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a man and woman look a little confused
Jesse Plemons and Jessie Buckley in I’m Thinking of Ending Things.
Photo: Mary Cybulski/Netflix

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Charlie Kaufman’s I’m Thinking of Ending Things uses surrealism to feel painfully real

The Netflix film is strange, but resists being solved

Charlie Kaufman’s involvement with a film is a sure sign of strangeness ahead. His past projects include Being John Malkovich, about a portal that allows anyone who goes through it to enter the titular actor’s mind, and Eternal Sunshine of the Spotless Mind, about a couple who decide to undergo a treatment to erase their memories of each other. His latest, I’m Thinking of Ending Things, adapted from the novel of the same name by Iain Reid, immediately dives into that same surreal territory, as a couple driving down a snowy road are joined by a third passenger: intrusive thoughts.

A young woman (Jessie Buckley) sits in the passenger seat of a car as her boyfriend Jake (Jesse Plemons) drives them both to his parents’ house for dinner. They’ve been dating for seven weeks, just long enough for her to think that it might be time to break up. As her thoughts are communicated to the audience via voiceover, however, Jake breaks in. Did she say something?

The whole drive is an uncomfortable conversation bouncing between two people and three voices. Each time the young woman’s voiceover resumes, Jake seems to be able to hear what she’s thinking, and he interrupts her every time her thoughts get too heavy. When they arrive at his parents’ farmhouse, the trip gets even weirder. The family dog intermittently disappears and never stops shaking itself; Jake’s mother (Toni Collette) and father (David Thewlis) are young one moment and old the next; some of Jake’s baby pictures seem to be of his girlfriend instead.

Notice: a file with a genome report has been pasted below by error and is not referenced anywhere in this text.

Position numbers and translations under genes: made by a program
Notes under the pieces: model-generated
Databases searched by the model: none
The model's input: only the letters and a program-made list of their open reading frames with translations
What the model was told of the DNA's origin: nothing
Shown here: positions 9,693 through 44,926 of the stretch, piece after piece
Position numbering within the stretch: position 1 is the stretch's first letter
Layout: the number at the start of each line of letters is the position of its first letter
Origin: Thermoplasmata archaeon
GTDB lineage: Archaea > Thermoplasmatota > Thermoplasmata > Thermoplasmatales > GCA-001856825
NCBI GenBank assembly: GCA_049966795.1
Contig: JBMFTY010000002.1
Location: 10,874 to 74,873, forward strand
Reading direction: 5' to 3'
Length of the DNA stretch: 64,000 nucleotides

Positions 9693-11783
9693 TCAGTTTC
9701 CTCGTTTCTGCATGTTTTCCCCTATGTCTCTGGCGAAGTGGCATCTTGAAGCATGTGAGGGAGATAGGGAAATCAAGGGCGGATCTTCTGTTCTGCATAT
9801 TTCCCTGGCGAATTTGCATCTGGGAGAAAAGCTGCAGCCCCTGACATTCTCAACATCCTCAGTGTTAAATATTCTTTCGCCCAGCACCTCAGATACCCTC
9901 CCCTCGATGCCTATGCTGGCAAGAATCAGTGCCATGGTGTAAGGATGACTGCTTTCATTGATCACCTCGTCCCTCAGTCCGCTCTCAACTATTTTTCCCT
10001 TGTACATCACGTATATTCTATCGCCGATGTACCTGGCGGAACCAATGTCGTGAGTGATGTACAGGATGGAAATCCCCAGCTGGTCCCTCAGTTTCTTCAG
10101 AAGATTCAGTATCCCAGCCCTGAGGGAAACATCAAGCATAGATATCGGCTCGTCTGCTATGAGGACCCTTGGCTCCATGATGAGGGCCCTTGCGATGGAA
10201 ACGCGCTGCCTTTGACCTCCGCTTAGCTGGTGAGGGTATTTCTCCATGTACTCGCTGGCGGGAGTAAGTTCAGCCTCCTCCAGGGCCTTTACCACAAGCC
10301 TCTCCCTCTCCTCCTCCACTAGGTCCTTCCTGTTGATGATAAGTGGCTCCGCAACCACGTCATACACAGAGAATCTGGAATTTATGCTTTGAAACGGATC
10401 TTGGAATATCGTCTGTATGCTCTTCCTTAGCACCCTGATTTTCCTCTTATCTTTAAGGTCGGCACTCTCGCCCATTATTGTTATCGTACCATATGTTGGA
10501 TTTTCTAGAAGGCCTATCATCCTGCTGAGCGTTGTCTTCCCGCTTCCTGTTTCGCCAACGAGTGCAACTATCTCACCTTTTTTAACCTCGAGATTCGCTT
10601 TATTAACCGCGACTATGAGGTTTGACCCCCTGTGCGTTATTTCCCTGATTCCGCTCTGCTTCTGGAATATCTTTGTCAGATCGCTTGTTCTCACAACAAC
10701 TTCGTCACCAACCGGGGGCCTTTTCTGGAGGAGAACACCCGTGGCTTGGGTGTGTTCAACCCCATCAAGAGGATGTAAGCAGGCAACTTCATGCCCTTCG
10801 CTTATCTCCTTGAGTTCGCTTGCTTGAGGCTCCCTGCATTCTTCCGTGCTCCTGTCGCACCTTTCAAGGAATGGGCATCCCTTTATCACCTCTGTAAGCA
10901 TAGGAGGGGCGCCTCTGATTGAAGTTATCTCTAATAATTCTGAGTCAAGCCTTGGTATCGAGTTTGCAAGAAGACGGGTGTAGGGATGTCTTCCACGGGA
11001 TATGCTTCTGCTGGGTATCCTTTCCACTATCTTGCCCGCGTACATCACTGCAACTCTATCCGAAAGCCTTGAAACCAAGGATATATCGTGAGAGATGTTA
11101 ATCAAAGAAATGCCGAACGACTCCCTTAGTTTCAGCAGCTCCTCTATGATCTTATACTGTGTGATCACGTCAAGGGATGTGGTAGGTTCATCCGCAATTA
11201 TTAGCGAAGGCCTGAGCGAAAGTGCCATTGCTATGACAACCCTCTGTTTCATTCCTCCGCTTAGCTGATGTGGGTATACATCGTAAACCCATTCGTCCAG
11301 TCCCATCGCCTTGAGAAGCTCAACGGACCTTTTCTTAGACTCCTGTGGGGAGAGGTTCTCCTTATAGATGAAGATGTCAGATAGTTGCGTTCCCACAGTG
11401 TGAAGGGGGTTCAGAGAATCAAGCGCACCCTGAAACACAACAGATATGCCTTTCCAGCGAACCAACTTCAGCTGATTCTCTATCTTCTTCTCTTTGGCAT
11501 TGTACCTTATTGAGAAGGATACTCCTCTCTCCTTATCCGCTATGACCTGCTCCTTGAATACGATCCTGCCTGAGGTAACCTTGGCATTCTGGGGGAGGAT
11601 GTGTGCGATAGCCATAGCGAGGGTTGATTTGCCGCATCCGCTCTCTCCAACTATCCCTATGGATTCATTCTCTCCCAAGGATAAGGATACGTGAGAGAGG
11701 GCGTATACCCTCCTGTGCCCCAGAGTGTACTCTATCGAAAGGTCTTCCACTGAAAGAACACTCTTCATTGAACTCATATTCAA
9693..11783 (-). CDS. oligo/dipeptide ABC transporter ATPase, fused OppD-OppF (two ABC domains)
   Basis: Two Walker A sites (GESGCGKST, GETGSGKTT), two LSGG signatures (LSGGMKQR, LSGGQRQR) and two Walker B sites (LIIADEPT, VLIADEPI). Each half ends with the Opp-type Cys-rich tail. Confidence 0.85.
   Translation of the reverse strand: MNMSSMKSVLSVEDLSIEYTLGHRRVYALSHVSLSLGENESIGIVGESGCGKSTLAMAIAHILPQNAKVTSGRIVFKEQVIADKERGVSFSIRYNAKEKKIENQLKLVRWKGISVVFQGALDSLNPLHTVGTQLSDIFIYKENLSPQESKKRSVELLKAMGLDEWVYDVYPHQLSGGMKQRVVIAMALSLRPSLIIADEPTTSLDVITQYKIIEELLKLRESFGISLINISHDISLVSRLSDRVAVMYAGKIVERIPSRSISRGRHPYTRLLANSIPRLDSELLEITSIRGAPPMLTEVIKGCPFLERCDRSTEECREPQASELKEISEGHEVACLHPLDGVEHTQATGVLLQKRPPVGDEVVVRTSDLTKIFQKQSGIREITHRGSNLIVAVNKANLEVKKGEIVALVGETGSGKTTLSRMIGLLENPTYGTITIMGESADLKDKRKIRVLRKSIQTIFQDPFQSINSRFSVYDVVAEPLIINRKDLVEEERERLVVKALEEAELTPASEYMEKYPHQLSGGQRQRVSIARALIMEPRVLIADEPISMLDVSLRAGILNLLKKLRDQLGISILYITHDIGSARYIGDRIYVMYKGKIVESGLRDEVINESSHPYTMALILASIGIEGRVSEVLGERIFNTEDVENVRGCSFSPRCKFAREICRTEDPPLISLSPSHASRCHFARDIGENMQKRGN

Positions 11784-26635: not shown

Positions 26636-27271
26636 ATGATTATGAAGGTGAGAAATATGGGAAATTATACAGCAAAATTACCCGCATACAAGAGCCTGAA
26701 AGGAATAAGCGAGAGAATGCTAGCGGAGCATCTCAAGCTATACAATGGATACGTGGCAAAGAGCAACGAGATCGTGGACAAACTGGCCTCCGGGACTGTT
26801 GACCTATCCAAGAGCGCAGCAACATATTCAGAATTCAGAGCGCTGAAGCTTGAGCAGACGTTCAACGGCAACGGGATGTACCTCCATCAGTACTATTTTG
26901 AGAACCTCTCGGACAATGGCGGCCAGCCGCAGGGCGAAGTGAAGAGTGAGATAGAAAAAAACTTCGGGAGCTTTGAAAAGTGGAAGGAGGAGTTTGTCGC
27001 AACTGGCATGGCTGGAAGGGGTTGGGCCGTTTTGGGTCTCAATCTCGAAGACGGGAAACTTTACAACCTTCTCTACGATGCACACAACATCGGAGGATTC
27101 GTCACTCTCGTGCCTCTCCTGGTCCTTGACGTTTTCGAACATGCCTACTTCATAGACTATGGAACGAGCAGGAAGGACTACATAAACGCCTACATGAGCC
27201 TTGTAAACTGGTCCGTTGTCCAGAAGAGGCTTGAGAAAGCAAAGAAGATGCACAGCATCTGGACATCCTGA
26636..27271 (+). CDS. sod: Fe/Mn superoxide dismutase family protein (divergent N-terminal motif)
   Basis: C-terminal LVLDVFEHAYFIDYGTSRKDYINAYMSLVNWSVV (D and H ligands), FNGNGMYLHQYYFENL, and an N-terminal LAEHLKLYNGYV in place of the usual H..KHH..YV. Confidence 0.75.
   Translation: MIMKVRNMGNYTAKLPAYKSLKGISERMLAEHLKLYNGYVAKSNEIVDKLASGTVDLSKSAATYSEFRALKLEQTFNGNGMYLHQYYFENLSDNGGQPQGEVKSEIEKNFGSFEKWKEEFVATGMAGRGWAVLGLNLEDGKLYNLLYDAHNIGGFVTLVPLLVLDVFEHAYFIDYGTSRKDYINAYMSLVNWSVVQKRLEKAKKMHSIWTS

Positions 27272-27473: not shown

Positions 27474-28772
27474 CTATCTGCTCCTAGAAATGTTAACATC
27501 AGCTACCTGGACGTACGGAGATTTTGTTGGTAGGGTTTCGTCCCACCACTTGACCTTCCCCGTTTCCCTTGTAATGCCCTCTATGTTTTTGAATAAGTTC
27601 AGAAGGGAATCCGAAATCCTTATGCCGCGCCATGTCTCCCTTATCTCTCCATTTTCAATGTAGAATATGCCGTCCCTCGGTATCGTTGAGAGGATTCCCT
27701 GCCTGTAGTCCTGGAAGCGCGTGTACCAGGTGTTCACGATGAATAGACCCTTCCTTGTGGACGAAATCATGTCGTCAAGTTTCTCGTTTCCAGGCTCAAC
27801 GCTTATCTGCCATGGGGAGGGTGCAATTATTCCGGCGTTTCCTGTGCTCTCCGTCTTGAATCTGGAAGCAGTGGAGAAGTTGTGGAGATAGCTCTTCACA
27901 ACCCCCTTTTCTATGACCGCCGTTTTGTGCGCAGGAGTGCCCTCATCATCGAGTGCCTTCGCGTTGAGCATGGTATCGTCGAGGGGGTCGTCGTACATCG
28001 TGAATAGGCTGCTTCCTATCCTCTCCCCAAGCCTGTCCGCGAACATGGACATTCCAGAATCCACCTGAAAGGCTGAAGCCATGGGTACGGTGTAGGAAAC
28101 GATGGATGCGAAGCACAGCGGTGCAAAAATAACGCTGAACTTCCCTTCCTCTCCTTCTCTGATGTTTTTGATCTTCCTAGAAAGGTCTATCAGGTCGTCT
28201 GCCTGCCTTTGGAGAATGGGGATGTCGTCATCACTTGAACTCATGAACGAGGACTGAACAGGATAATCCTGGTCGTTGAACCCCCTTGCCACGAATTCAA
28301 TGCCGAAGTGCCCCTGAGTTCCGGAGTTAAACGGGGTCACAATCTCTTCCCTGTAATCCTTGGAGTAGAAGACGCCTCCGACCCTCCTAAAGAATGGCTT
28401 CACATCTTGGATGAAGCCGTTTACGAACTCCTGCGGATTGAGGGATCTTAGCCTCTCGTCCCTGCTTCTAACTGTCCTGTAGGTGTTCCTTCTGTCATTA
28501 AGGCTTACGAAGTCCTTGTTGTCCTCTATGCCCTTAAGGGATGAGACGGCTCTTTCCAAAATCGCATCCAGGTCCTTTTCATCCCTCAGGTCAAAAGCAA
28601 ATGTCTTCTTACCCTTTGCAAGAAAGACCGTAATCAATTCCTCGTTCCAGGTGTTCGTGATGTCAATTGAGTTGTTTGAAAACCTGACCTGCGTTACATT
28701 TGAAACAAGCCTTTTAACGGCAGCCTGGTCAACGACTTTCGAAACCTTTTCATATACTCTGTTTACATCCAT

a group sit around a dinner table
David Thewlis, Jessie Buckley, Tony Collette, and Jesse Plemons in I’m Thinking of Ending Things.
Photo: Mary Cybulski/Netflix

All the strange elements, including the way the young woman’s name seems to constantly change (Lucy? Louisa? Lucia?), point to Kaufman’s larger intentions with the work. This isn’t a relationship drama so much as it is the relationship drama. The young woman — let’s call her Lucy — and Jake can’t possibly stand in for every heterosexual couple out there, but the shifting details around them evoke both the small problems that often plague relationships, and the way memories and ideals can change.

That constant, subtle sense of change and motion puts a tremendous burden on Buckley and Plemons’ shoulders. Even as Lucy’s job and interests continue to change (she’s a waitress, then a painter, then a student), she has to remain one character, rather than a myriad. And Plemons, while playing arguably the most solid character in the movie, has to convincingly capture seemingly contradictory traits (a habit of mansplaining vs. a genuine interest in Lucy’s work, for instance) as Lucy vacillates between affection for him, and revulsion.